INVESTIGATION CONTINUES INTO PYTHON MURDERS
Canadian police are still probing the deaths of two young brothers believed to have been crushed to death by an African Rock Python this past weekend while they were sleeping.
So far they've revealed some holes in the initial tale told by the owner of the snake in question, Jean-Claude Savoie. Namely that it wasn't kept in Savoie's exotic pet store below his apartment where the boys were killed, but in the apartment itself.
He also had no permit to own or house that particular breed, a snake infamously known as temperamental and potentially vicious.
Although rarely attacking humans as a food source, experts say that African Rock Pythons are the most aggressive of their species and, at 20-feet in length when fully mature, grow to be the largest too.
Indeed, in 2009 the senior herpetologist at Florida's museum of natural history, Kenneth Krysko, characterized these specific types of pythons as so ill-tempered "they come out of the egg striking."
The entire tragic event in New Brunswick Canada has sparked worldwide controversy now, and many acclaimed snake handlers have expressed deep skepticism over the likelihood of such a double killing, regardless of the reptile's notoriously nasty reputation.
Rock Python's are known to bite although they are nonvenomous, and "typically they lunge at you" explains Jay Brewer of the Reptile Zoo in California. But he, like a great many other experts in the field, still doesn't believe it was the snake that killed the youngsters.
“It doesn’t sound logical,” Brewer says. “It’s paranoid, so it will immediately go on the defensive, but it won’t wrap you up and kill you. They generally don’t want to constrict you. I would like to see absolute proof it was guilty. It just doesn’t jive. I don’t know how [the boys] wouldn’t have got up and run away. The dots don’t quite connect.”
Johan Marais of the African Snakebite Institute in South Africa echoed those sentiments.
"I'm totally skeptical," he says, because "the snakes only eat a few times a year when in captivity," and unlike human predators they "don't kill for fun."
The last reported human attack by an African Rock Python was well over a decade ago and occurred right in Marais' own region. Three years earlier, in the U.S., one also suffocated an infant in his crib.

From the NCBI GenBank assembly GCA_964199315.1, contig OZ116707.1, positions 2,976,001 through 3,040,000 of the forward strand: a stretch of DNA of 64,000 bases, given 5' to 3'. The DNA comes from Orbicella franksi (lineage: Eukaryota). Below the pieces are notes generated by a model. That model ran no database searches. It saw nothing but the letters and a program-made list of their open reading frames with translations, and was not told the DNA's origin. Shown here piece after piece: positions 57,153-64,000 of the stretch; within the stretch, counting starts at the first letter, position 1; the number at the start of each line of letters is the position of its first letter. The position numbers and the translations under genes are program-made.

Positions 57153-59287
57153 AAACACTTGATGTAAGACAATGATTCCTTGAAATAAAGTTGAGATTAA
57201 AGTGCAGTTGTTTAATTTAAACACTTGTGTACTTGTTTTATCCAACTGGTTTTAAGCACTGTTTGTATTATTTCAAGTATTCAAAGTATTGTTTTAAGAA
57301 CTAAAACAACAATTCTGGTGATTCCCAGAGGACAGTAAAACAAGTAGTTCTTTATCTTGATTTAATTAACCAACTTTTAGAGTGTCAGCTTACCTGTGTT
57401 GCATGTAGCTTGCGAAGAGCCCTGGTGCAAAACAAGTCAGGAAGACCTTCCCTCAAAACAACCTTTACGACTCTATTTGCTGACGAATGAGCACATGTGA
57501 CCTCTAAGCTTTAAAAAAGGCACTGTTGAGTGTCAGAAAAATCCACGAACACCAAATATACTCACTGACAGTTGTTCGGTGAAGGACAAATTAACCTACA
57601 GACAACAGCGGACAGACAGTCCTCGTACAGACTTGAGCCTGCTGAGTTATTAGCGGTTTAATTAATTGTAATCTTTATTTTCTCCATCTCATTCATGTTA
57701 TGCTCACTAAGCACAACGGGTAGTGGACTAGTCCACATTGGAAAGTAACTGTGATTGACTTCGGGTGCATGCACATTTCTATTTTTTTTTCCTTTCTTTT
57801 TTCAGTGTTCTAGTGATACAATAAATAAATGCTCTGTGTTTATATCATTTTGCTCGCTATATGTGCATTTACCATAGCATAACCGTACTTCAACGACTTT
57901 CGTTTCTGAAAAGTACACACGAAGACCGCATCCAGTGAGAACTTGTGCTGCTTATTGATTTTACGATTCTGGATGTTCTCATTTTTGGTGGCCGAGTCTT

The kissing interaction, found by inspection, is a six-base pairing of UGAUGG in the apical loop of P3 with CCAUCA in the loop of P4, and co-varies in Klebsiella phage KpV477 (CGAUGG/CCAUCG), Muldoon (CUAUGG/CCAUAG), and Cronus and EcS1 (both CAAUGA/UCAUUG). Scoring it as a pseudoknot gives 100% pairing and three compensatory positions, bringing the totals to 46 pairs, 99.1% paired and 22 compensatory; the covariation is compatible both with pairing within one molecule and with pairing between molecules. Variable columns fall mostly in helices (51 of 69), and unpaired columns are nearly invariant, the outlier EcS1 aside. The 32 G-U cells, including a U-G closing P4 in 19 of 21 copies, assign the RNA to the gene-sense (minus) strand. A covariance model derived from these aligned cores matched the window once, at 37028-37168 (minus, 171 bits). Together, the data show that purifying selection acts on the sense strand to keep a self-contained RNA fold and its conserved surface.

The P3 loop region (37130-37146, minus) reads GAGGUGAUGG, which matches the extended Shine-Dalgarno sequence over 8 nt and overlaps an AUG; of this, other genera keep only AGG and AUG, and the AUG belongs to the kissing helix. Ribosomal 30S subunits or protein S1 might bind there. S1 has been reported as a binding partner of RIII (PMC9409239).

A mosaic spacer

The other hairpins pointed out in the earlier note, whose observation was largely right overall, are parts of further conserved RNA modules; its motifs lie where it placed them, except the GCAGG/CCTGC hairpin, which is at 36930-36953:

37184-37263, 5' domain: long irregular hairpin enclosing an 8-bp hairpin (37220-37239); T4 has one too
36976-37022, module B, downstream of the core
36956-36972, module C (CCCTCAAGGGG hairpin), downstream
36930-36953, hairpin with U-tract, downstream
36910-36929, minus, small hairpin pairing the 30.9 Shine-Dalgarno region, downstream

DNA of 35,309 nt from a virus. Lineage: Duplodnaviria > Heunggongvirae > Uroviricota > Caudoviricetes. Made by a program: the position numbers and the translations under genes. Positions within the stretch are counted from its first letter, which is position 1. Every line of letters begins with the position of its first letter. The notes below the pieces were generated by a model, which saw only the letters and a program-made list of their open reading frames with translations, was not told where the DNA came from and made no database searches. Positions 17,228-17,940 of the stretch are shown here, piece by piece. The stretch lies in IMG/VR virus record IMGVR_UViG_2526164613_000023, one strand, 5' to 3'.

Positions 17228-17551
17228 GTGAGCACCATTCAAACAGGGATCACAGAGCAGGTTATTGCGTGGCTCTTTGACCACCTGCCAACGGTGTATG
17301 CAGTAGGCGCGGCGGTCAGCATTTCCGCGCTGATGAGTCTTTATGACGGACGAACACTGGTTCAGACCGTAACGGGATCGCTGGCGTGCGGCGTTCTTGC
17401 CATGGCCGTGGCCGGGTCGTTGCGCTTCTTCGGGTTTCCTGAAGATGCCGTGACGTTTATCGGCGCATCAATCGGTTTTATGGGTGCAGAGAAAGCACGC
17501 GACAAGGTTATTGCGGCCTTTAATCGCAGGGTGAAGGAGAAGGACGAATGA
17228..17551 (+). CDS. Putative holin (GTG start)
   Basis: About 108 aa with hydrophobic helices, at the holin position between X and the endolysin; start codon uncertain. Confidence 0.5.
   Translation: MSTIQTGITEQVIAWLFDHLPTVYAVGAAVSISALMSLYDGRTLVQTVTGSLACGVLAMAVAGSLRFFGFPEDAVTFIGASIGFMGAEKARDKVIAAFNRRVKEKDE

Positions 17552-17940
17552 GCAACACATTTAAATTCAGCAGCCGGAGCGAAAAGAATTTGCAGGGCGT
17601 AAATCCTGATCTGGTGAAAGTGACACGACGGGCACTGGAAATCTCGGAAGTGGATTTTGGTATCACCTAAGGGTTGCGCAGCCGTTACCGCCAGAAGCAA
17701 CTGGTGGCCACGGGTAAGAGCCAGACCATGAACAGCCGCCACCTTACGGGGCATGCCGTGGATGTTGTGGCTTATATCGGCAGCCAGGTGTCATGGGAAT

But the point is: Snakes don't slay unless they're very, very hungry and, regardless, they don't expend a lot of energy on hunting their prey since the act of strangling and slowly devouring their kill is unto itself exhausting.
They lay in wait.
Searching for answers in the bizarre strangulation deaths of the two Canadian children, some people are speculating that the python may have reacted in fear, perhaps when it allegedly fell through the ceiling over the sleeping siblings' mattress.
But they're still pondering how it could have had so much time and opportunity to execute a virtually soundless double-asphyxiation.
Investigators also report that the young boys had been playing earlier in the day with the kind of livestock which appeals to these deadly predators, such as baby llamas, goats and ponies. But that theory doesn't support an accidental killing, which means, if the snake is in fact responsible, its motive remains unclear.
Rock pythons do have a tremendously well-developed sense of smell but extremely poor night vision, so it's therefore "not impossible" that these enticing animal odors may have been lingering on the boys' skin, clothing or hair and served to seal their gruesome fate.
Yet, days later, even police don't sound too sure of the 'mistaken identity' scenario anymore, and their criminal investigation is still underway:
“Originally we thought it strangled the boys,” said Jullie Rogers-Marsh, a constable with the Royal Canadian Mounted Police, “but now we aren’t confirming exactly what happened until we get autopsy and necropsy results.”
While complete autopsy findings for the asphyxiated victims are still pending today, necropsy results on the euthanized python have since been analyzed. These confirmed the suspect snake was absolutely healthy.
Read my original Killing Killers article Boa Constrictor Falsely Accused of Strangling Two Boys here.
*Are you a snake owner, breeder, expert, or victim? Your comments and opinions on this case are welcome and can be solicited anonymously if you prefer.